When President Obama said during the 2008 campaign that he did not support marriage for same-sex couples, he only did so because it was politically expedient, David Axelrod writes in his new book, Believer: My Forty Years in Politics, according to Time.
Obama publicly opposed same-sex marriage for years after that, in fact, until an interview with ABC News in 2012, which also just so happened to be the first year the support for gay marriage crested opposition, data from Pew shows, and the year Obama was campaigning for reelection.
Obama's evolution on marriage (his public one, at least) and Axelrod's admission now that Obama always felt that way is quite convenient and has served him well. But there has long been evidence that he held this stance prior to 2008, even as some of that evidence was disavowed by the White House.
In 1996, as an Illinois state Senate candidate, Obama indicated on a questionnaire that he supported same-sex marriage. In 2011, however, White House communications director Dan Pfeiffer said the questionnaire was filled out by someone else and that Obama "has never favored same-sex marriage." Obama also frequently said attitudes on the issue, including his, were "evolving" -- something many took as code for what was to come.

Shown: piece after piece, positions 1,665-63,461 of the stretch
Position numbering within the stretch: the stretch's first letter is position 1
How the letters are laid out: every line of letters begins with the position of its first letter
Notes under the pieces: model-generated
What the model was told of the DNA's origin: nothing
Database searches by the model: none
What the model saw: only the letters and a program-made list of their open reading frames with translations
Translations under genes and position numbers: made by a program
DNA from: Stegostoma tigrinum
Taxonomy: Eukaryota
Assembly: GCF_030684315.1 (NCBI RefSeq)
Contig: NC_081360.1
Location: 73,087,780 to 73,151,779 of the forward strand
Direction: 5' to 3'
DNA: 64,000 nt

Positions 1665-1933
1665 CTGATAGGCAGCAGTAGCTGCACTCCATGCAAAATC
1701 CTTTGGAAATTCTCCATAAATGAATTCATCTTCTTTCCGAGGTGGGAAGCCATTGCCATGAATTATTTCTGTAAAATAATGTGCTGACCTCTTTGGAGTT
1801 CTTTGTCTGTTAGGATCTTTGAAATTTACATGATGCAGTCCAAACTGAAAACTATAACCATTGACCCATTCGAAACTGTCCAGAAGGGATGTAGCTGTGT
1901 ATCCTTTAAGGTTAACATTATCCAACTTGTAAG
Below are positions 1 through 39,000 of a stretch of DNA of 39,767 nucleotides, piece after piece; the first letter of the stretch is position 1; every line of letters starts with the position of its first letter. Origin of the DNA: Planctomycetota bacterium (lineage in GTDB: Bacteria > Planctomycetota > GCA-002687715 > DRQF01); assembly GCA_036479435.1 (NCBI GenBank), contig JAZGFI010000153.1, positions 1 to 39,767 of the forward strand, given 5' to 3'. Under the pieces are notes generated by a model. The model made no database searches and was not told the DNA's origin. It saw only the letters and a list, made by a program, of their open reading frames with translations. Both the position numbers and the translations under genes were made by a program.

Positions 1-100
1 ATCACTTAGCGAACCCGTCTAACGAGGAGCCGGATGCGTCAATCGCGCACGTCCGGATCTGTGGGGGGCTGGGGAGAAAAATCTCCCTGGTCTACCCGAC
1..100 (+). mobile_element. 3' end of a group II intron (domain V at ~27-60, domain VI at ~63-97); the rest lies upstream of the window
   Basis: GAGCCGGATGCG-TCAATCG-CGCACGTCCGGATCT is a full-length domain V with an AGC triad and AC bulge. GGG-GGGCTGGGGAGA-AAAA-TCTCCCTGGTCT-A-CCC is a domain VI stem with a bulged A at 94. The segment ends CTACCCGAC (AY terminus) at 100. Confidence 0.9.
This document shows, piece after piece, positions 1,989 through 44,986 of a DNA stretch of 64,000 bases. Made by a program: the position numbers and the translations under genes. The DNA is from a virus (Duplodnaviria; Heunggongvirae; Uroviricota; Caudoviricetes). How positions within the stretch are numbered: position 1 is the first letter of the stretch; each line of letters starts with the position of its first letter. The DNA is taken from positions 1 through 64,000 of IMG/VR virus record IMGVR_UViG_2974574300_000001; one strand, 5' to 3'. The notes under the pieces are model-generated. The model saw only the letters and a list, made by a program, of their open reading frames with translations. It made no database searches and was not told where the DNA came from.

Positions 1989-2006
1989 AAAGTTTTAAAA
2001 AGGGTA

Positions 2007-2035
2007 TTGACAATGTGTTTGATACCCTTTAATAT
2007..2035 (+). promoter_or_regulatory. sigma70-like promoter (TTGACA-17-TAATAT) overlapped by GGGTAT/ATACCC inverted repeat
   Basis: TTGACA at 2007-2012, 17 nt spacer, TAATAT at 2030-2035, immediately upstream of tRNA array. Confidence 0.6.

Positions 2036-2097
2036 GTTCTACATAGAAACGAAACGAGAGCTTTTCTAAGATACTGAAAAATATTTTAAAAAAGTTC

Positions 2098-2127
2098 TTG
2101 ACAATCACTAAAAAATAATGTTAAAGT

Indeed, as Axelrod writes, Obama told him at the time that he was "just not very good at bull*****ing." And he wasn't. Plenty of people believed at the time that he was actually pretty clearly in favor of gay marriage and just didn't feel comfortable saying it. Yet the White House apparently decided to keep up the charade for years afterward.
And Axelrod's confession, in and of itself, is pretty convenient. Yes, he's making pretty clear that Obama lied (which will hurt in the near term), but he's also making pretty clear that Obama was progressive on gay marriage much longer than he indicated publicly. He's casting Obama as a victim of the political winds of the day and of his advisers -- Axelrod included -- in a way.
He isn't the only president to change his stance on marriage as the country has, of course. In 2013, Bill Clinton tweeted his support for some U.S. Supreme Court decisions, including its decision that the Defense of Marriage Act, which he signed into law himself in 1996 and was declared unconstitutional.
The change in Americans' opinion on same-sex marriage unfolded in less than a decade, forcing many politicians to adjust their views. It goes to show that with enough polling data trending in one way, our elected officials can be convinced to "evolve" -- or perhaps more aptly, finally say what they've really been thinking all along.